My Story


I have been taking black and white photos for many years. Inspired by the beauty of the Big Sur Coastline while living in California, I began experimenting with new techniques including hand tinting to create new effects on canvas and to show a different point of view in my art work.


I displayed much of my work along the famed Cannery Row in Monterey and in art shows in the Carmel area before moving to Richmond, Virginia. As a native of the area the history of Virginia had always intrigued me, so I began gathering hsitoric photos from old archives, restoring them and then hand tinting them. Not only did I get "hooked" on the images I found, but so did my customers. The result has been displaying them in art shows all over Virginia and in local galleries. My collection of primarily Richmond photos has now grown to include the Civil War, Northern Virginia, the rural South, water scenes, Native Americans and much much more.


"As I began collecting these images women began to emerge in so many different areas from the women spies of the Civil War, rural scenes of women working in the fields, to women in professions long ago that we have forgotten. They are also in sports events we thought were strictly a "man's world" long ago. I decided we needed to celebrate these women. We needed to celebrate where we had been and the things we had accomplished."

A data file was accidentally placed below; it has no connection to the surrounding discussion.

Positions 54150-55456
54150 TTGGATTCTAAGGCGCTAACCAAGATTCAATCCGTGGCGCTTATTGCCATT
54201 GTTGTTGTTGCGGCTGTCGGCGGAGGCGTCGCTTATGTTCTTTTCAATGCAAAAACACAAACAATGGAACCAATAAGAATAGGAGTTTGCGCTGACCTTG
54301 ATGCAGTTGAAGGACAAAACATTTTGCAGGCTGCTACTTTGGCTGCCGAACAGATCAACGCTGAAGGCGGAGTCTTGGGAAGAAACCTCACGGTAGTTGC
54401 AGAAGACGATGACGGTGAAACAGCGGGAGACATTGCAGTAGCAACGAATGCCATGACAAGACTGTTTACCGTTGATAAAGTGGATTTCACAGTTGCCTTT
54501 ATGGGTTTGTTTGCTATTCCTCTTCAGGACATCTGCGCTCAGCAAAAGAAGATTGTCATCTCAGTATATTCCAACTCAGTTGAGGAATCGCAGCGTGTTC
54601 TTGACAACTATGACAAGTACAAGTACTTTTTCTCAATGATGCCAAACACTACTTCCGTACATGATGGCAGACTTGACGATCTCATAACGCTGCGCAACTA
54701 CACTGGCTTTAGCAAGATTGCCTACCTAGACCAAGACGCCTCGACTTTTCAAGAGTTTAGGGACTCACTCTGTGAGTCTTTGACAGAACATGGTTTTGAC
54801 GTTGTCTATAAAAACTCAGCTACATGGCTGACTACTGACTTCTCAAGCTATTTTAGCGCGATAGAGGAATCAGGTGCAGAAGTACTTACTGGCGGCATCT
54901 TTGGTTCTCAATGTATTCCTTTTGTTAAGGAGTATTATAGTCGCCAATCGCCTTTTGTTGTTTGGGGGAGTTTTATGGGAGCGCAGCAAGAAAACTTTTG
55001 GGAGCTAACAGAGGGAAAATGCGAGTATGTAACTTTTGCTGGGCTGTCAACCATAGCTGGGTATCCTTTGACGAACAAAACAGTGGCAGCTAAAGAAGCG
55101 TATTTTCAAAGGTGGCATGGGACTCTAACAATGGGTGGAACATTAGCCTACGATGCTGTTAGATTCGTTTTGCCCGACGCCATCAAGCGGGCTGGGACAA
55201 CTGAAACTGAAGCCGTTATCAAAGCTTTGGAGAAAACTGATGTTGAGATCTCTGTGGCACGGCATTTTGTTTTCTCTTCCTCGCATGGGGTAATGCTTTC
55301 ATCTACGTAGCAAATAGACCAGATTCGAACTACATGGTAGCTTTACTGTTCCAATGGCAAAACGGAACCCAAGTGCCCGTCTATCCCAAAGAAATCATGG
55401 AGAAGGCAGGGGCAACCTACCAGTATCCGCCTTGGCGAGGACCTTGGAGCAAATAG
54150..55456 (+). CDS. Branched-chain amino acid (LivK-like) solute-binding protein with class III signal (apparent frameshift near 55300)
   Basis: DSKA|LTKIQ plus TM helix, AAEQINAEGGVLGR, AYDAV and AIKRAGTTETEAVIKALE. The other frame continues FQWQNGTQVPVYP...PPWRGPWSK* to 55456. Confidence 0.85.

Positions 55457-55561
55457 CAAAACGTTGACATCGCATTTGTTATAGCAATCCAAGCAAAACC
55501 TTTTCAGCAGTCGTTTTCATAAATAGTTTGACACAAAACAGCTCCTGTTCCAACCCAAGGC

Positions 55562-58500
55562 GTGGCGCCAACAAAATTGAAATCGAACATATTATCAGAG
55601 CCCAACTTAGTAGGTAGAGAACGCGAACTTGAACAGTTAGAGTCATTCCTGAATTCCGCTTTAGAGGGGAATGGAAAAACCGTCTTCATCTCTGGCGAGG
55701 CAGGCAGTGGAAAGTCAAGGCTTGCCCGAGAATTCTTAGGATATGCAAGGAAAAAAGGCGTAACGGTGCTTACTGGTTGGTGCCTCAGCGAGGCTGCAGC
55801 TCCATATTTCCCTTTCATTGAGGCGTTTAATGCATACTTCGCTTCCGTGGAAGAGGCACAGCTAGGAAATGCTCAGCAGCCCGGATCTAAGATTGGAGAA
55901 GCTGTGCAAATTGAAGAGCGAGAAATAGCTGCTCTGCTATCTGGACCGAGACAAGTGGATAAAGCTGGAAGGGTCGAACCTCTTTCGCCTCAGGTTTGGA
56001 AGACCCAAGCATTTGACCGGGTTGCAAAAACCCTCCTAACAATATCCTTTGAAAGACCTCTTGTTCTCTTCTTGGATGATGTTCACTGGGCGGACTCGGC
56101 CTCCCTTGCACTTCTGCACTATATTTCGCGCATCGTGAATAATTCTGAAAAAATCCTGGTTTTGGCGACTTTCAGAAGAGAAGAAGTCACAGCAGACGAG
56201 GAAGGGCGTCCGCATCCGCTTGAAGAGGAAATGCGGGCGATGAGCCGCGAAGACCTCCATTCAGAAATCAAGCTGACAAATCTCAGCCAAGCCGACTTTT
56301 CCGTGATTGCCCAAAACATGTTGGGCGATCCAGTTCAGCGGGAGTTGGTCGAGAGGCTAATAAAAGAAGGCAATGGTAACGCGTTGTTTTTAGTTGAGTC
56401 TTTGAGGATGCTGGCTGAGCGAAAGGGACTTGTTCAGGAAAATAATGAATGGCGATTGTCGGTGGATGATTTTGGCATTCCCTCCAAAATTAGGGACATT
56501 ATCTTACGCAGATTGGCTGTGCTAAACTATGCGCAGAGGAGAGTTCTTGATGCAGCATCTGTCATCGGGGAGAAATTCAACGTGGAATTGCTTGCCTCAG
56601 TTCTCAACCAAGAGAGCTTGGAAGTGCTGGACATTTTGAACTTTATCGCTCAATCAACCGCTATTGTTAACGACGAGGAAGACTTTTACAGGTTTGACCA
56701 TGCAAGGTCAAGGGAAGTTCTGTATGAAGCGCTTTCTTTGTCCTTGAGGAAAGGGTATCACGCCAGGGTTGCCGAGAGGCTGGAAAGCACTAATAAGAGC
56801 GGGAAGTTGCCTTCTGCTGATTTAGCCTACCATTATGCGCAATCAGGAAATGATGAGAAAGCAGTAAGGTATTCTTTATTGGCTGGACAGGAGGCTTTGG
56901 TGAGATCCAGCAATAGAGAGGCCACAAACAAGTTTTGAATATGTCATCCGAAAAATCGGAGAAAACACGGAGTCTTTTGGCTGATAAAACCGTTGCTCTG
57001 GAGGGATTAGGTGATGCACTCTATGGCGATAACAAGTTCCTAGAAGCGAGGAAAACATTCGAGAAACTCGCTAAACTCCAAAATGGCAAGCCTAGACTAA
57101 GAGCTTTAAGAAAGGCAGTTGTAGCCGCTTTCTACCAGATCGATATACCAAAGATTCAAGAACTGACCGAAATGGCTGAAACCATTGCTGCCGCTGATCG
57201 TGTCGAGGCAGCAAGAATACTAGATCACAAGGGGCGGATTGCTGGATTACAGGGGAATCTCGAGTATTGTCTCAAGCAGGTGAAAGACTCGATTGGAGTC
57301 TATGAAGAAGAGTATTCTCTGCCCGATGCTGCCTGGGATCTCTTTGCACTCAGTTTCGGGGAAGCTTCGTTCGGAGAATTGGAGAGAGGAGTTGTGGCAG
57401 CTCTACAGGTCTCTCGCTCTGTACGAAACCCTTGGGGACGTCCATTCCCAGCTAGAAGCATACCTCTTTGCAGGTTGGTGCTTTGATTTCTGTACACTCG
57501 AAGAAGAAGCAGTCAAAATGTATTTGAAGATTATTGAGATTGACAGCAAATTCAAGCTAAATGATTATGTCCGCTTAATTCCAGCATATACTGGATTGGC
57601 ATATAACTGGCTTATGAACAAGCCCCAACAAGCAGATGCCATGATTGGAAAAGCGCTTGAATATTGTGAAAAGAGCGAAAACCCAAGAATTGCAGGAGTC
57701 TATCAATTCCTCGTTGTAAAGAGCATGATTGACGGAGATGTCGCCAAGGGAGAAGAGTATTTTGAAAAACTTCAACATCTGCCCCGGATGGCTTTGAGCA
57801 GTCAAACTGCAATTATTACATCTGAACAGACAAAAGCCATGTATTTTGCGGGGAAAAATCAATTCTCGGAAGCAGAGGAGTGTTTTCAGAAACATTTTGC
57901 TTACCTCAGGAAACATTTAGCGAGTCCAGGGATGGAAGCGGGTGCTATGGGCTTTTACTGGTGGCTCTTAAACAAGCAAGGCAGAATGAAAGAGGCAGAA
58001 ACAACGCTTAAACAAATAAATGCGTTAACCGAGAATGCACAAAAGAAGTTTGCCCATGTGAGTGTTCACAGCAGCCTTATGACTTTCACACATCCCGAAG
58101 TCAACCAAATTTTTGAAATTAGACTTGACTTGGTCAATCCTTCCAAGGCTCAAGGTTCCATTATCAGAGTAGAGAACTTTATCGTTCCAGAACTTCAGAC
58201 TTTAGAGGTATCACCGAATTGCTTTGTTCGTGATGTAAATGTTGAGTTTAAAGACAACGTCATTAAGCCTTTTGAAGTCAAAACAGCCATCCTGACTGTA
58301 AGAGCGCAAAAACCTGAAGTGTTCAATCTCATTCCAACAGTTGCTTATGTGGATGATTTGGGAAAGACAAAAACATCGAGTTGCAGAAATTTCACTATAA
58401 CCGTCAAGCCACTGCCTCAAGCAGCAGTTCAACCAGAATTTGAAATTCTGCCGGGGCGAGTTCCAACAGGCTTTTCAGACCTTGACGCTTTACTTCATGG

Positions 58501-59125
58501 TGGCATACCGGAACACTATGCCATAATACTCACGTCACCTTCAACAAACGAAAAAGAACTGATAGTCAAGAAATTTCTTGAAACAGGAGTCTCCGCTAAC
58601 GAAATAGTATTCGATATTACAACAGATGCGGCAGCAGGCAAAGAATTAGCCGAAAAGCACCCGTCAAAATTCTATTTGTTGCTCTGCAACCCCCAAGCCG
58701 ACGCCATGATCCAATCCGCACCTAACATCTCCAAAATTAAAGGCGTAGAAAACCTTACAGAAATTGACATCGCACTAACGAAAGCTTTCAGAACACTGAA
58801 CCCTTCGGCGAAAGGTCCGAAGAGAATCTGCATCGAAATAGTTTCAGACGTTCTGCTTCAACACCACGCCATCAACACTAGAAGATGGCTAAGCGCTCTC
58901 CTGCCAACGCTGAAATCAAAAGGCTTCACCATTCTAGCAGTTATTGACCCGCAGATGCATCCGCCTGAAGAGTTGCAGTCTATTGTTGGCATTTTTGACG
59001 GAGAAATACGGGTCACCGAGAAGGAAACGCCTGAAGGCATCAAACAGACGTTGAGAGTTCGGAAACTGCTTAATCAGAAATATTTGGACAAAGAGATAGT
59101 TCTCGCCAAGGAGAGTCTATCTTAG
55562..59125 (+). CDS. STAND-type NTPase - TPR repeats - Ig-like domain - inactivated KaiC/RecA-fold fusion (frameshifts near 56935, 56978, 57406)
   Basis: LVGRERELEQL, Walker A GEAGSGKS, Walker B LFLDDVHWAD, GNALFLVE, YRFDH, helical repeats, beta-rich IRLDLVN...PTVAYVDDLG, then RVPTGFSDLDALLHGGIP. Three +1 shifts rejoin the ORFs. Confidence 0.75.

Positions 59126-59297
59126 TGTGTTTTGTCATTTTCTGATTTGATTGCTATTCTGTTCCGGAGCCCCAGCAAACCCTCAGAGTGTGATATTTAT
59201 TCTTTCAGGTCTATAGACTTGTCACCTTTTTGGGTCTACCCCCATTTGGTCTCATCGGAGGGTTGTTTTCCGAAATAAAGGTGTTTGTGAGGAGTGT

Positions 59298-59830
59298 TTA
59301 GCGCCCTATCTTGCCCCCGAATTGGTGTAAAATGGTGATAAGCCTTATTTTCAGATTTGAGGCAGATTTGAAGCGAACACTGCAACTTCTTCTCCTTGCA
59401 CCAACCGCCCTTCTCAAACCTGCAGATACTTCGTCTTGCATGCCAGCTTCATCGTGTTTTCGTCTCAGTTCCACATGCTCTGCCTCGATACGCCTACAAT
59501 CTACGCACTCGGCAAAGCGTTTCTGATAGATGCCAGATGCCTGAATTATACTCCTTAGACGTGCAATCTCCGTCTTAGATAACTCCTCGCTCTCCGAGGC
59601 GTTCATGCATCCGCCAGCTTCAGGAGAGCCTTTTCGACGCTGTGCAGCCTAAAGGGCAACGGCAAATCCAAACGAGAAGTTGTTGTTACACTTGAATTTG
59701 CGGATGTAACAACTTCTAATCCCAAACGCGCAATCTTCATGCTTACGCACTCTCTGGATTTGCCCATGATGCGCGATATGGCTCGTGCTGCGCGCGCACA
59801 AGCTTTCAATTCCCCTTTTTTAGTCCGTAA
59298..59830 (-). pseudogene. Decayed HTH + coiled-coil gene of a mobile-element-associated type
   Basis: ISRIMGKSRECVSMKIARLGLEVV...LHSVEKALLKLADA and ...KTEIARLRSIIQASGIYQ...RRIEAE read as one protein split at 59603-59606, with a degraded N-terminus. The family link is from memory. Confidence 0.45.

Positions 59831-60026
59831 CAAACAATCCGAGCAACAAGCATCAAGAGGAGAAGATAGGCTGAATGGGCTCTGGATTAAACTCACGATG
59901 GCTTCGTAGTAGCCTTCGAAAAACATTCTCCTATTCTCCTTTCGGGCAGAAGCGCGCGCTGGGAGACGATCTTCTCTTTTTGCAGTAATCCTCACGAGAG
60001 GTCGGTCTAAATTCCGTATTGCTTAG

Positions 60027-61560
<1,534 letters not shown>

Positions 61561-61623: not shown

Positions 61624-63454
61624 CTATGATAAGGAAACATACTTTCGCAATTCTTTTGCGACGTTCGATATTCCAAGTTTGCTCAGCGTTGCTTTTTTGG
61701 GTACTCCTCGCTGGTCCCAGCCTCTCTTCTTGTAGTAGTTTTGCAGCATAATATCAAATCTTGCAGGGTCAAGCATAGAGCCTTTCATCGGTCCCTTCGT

For more than a year, I gathered women's photos to put together a special show that opened in a local gallery in Richmond. The show included 40 photos of ordinary women doing extraordinary things. "While I could not resist picking the Civil War Spies, I really concentrated my collection on women we had not heard about. I felt we needed to celebrate our ordinary lives in an extraordinary way."


"I think we forget the importance of women in sculpting our society -- its feelings, emotions, its passion and beauty -- and how influential this has been in all areas of the world as we know it today. Whether in front of the crowd marching for the right to vote, to working in the coal mines, on the railroad and struggling in the rural areas to keep family together, it is important to remember how vital this energy is so that we can celebrate ourselves no matter where we are or what we are doing. It's only when we can celebrate our past that we can build a brighter more beautiful future!"


Currently I show my work in about 26 juried shows a year now covering five states and display my work in several galleries.




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